What Kind of Road Bicycle is Right for You?

It really depends on whether you want to commute, exercise, tour, or all of the above. We look at frames, tires, and where to get the best deals.
Commuter Bike

Many of us never lost our love for the two-wheeled adventures we first had as kids. If you have a yearning to pedal on in adulthood, you might start with a bike that takes advantage of modern equipment rather than opting for a rusty beater buried somewhere in your garage.

There are two general categories of bicycles: the road bike, which is meant to be ridden on paved roads, and the mountain bike, which is designed for trails. A good road bike is the proper vehicle for commuting, touring, exercising, and racing. Road bikes come in several flavors, too. Below, we've detailed the types and features you should look for when buying a road bike.

How to Buy a Road Bike: The Basics


Handlebars on a road bike come in a couple of styles. Dropped handlebars are curved below the middle, and straight towards the ends. Curved handlebars allow a rider to crouch in a more aerodynamic position, which is important when riding into the wind or attempting to maximize speed by cutting down on wind drag. However, straight handlebars are more common on commuting/urban bikes because they allow for a more comfortable upright position.


Road bikes typically come with narrower tires and lighter wheels than mountain bikes, as this cuts down on the friction with the road and makes travel easier. A racing bike can have tires as narrow as 20mm! Commuters usually choose a wider tire, however, because it offers greater puncture resistance and more cushioning, which translate into a smoother ride.


In addition to tires, wheels are a big deal in bicycling, too. The heavier the wheel, the more work it takes to keep it moving. One way manufacturers lighten a wheel is by removing spokes. Racing or triathlon wheels may have 20 spokes or less, while a touring bike will have 36 or more. If you're a larger adult, we recommend choosing wheels with more spokes.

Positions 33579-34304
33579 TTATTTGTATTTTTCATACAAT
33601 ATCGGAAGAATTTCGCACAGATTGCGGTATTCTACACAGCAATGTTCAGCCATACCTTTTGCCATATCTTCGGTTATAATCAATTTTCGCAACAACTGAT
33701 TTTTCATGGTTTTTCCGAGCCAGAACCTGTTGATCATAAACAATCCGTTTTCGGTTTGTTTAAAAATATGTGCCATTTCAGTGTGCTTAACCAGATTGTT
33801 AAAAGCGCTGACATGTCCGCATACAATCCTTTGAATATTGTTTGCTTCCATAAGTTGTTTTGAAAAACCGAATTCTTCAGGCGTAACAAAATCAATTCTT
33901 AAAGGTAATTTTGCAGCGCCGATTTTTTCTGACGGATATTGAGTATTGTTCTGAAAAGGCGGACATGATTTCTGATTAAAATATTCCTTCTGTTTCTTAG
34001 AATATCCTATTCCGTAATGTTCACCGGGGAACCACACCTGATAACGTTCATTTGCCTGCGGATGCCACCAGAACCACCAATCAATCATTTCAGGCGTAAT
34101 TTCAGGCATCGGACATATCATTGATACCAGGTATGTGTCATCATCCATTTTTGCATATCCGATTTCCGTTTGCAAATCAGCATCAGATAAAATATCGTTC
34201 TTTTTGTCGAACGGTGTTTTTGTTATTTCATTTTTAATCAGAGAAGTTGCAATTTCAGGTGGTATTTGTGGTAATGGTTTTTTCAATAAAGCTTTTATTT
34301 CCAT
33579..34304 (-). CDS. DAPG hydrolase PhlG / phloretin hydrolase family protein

The Frame

The actual frame of any bicycle must fit a rider properly. It must be big enough to allow for the full extension of the legs, and long enough to ride in an aerodynamic position. The gender association of bike frames also matters more than you think: men and women are typically built differently, with different proportions between torso height and leg and arm length. The typical bike built for a male won't fit most women properly.

SEE ALSO: Get Cycling This Summer with the Proper Biking Gear


Both men's and women's bike frames are made from one of three materials: steel, aluminum, or carbon fiber. Steel is the least expensive and absorbs road shock well, but it tends be heavier. Aluminum makes for a stiff, responsive frame while minimizing weight. Carbon fiber is the best for combining light weight and a comfortable ride, but it's the most expensive.


Getting on your way requires that you're not only seated on a well-fitted frame, but that you can reach the pedals. And believe it or not, pedals come in a variety of types.

For urban biking, if you plan to wear your street shoes, you'll want simple flat pedals. For touring, nothing beats modern recessed cleats. The SPD system by Shimano — and similar ones by other manufacturers — recesses the cleat into the sole of your shoe so you can walk normally, yet allows your foot to clip to the pedal so you can apply force on the upstroke as well as the downstroke.

The other type of cleat, favored by those who ride for speed, protrudes from the bottom of the shoe and clips into the pedal. This large cleat spreads the force on the pedal over a wider area of your foot.


Gears are what allow even the relatively out-of-shape cyclist to climb a steep hill, or hit speeds in excess of 40 mph. Urban bikes typically have fewer gears, allowing manufacturers to keep the price down. However, sport/racing/triathlon cycles will have up to 20 different gears that operate from two chainrings in front and 10 sprockets on the cluster at the center of the rear wheel. Touring bikes usually have three chainrings, giving them a total of 27 or more gears. For the novice road bike warrior, more gears is a good thing.

But what to do with all those gears! Shifter levers allow a rider to change gears, and it's a skill to shift without removing your hand from the handlebars. Many bikes come equipped with shifters on the brake lever or thumb shifters adjacent to the place where riders grip their handlebars.

Different Types of Road Bike: Which is Right for You?

Commuter Bike

The Urban / Commuter Bike